7 Ways To Create A Learning Culture In The Workplace

computer office

Knowledge is power, and you don’t stumble across it by chance. According to Abigail Adams on Brainy Quote, “Learning is not attained by chance; it must be sought for with ardor and attended to with diligence.” Sadly, too many companies aren’t doing themselves and their employees a favor by providing a culture of learning.


As the industry evolves, education is one of the cornerstones of a successful business’ journey. Modern workers are currently unhappy and shocked by the level and rate of learning provided in the boardroom. CEOs and managers can’t keep up with the demands of the average employee, and that’s a damning indictment. After all, organizations have to be smarter and more agile than ever before, and they need facts and figures to pull this off.


Providing training is a start yet it’s a basic one. If the company is going to benefit in the long-term, it needs to develop a corporate learning atmosphere from top to bottom. However, it’s not easy because it takes time, money and investment from management teams and the office floor. If the task seems too big, here are seven tips which should help you break it down into bite size chunks and remain focused.


Appeal To The Higher-Ups


The only people who can sanction the shift in policy are the ones with power. As the boss, you have lots of it but you’re not in total control. This is a democracy and you’ll need a majority of votes to pass the bill through the House. Playing politics with others on the board as well as your management teams is essential. Only they can give you what you need to provide the necessary training programs.


All appeals need to have an element of emotion at their core, but they also should focus on what they can provide others. Concentrating on how the whole business will benefit from a culture of corporate learning is an excellent way to kill two birds with one stone. Let them know that training services help mold potential into top talent, as well as upskilling those that are already in your employ. Plus, there is a safety aspect as well. Not only should this increase the quality, and therefore the company’s bottom line, but it should cut costs.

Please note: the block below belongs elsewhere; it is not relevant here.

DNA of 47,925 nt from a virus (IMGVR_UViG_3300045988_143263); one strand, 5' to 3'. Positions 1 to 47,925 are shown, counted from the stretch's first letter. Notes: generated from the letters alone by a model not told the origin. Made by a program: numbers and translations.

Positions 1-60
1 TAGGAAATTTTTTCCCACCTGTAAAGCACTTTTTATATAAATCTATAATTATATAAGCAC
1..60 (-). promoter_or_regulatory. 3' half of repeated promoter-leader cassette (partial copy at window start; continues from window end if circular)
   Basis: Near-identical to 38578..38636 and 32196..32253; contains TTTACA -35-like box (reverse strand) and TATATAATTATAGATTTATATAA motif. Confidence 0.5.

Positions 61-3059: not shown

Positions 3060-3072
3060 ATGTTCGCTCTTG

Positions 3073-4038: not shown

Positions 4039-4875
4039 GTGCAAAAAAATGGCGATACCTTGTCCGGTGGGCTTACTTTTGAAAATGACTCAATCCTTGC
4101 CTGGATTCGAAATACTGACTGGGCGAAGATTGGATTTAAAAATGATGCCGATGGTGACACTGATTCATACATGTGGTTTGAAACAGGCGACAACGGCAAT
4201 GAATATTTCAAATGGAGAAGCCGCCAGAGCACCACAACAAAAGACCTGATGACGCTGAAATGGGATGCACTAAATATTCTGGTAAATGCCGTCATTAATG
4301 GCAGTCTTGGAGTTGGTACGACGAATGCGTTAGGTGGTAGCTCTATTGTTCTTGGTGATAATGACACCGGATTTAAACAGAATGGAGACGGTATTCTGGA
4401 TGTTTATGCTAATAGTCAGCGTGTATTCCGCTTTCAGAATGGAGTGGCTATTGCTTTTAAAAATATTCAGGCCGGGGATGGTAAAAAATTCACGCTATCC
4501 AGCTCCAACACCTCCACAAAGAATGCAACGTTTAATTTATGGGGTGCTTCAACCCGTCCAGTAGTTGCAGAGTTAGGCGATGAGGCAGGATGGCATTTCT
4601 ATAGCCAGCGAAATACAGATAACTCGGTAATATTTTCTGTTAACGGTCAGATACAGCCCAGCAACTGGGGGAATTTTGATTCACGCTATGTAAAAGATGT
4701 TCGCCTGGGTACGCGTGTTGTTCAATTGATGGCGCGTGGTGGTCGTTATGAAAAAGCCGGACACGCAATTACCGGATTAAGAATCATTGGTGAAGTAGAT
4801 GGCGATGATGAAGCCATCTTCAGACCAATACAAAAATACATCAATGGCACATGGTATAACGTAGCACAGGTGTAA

Retraining a person to do another job means there’s no reason to hire a recruit and pay them a full wage. Instead, the firm can give the individual a pay rise and added responsibility.


Create A Marketing Plan


Businesses use adverts to get into the heads of their customers, so why won’t it work on employees? The answer is it will if you produce the perfect content and drill it home on a constant basis. Don’t be over-the-top or obvious about what you want to achieve as workers will dismiss it out of hand if they read between the lines. However, a subtle plan might open them up to the possibilities of enrolling on new training programs. Remember that you can’t make them do it after their shift.


Video is the new king of content, and that is where you should begin. Most businesses have an intranet which connects the whole company, so upload a few vids to the homepage. TV screens a major part of office life too, which is why they’re a useful tool. Never underestimate the effectiveness of a flyer on a message board either. Yes, people still read them and consume the message.


Of course, you’re going to need the help of the marketing team, but it shouldn’t be difficult. Hone in on a middle player and give them the option to head the operation. Because middle managers are desperate for accountability, they tend to seize their opportunities.


Adapt Your Language


Plenty of bosses and managers speak about training disparagingly. “Come on; let’s get this out of the way,” they say to their employees before going into a seminar. Instantly, the individual(s) thinks it’s a waste of time and isn’t worth taking seriously. Even the person in charge doesn’t believe in it, so why will they? They won’t, is the short answer.


All it takes is a new approach to how you address the project. Rather than treating it with skepticism, be positive about the prospect of learning new things. Throw in terms such as “fun,” “learning,” and “growth” to prime the staff to the new culture. Then, they’ll stop seeing it as a way to shirk their responsibilities for thirty minutes and slack off. Speaking of slacking off, try not to use this as a method to get them on board. Once they equate the programs with wasting time, they won’t invest in the philosophy as a whole. Or, they will but it will be from a negative standpoint.